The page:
The WRC is currently evaluating its event format structure for the future having faced criticism from drivers, teams and fans this year.
This has resulted in a package of format tweaks for next year that is set to be proposed and discussed at the next FIA World Motor Sport Council on December 6, following a discussion at the last meeting in October.
At the Acropolis Rally this year the WRC Promoter stated it was open to moving away from a central service park model which has served the championship for more than 20 years. This concept sees crews tackle stages and then return to the service park for midday service at most events, before then returning at the end of the day.
It was also suggested that an increase in tyre fitting zones that are less regulated could be a way to enhance the competition and maximise the stage kilometres completed at events. Under current FIA regulations, time fitting zones last 15 minutes. During this time, the crew and two members of the team can work on the car but only with equipment and parts that have been carried in the rally car through the stages.
A team service car can transport extra tyres to this zone along with any items that are deemed of a safety nature, for example, a windscreen or seatbelts should these need to be replaced.
The FIA has confirmed to Motorsport.com that the central service park model will remain in place but has hinted that more tyre fitting zones could be introduced next year as part of a wider package of format tweaks.
“No. That is all about organisers making plans years in advance,” said FIA road sport director Andrew Wheatley to Motorsport.com when asked if changes to abandon the central service park have been proposed for next year.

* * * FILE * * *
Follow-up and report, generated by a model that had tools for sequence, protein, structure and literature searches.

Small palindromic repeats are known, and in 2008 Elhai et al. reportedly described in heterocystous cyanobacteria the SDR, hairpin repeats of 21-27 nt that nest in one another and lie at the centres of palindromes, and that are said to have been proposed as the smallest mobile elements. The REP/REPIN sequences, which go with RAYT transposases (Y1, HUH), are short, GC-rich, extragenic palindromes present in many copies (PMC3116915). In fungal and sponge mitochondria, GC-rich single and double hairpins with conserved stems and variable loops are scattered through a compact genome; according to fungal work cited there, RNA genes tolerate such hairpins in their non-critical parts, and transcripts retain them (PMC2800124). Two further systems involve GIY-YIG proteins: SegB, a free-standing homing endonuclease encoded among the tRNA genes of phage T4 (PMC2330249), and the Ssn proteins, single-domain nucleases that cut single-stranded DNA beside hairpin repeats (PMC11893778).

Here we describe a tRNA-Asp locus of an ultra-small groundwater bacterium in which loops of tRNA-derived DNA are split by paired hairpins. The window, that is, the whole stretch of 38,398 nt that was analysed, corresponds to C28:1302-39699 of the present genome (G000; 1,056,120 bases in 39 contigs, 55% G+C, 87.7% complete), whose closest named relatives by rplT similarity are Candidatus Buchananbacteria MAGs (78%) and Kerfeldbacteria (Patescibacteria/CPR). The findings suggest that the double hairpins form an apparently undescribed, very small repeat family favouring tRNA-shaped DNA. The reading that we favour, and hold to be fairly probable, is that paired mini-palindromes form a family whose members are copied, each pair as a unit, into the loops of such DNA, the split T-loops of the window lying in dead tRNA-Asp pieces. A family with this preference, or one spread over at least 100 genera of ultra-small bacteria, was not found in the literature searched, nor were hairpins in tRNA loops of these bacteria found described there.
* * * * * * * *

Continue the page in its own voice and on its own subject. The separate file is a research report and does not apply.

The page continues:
Photo by: Toyota Racing
Service park, Toyota Gazoo Racing WRT
“I think what we can see for example at the Central European Rally on Friday with the remote tyre zones. I think remote tyre zones are going to be a bigger part of the mix because to be able to get the mileage we want to achieve within the time that is available in the weekend, we will need them more.”
Motorsport.com also understands that a move to reduce the minimum event stage mileage to 250km to increase schedule flexibility at rallies is included in the package, alongside tweaks to improve Sunday’s format, and the possibility of introducing a new points structure.
Wheatley says the focus of the proposed format tweaks is geared to maximise WRC events for all stakeholders.
“What came from the World Motor Sport Council is that the DNA of rally is very precious and special, and we need to make sure that whatever is done to try and take that forward respects the spirit of the event,” Wheatley added.
“So, there are a couple of issues that we are working on going forward the first is how do we optimise the rally format. How do we make the best possible experience for all kinds of stakeholders?
“It is about trying to make a smooth path that allows everybody to get a bit more without compromising the concept of the event. We have to try to ensure we focus the energy of the event on the most useful activities. That doesn’t mean there will be a rigid format.
“It will be a minimum three-day event. The principle is Thursday night to Sunday lunchtime but how will fill that time may be different depending on what the specific events are.
“The opportunity that we have to understand is every organiser has very specific challenges, but all the rallies will be in the same window, but it is a question of how we can compress the format to make sure we get the best value from that time.”
The FIA has confirmed that points will no longer be awarded to the fastest three WRC2 competitors on the Power Stage in events from 2024.
Currently, the quickest trio of WRC2 crews on the rally-deciding test score points towards their end-of-year totals on a descending scale of 3-2-1.
While a WRC2 competitor will still be able to register overall Power Stage points, should they set a top-five fastest outright time, there will no longer be a separate WRC2 classification.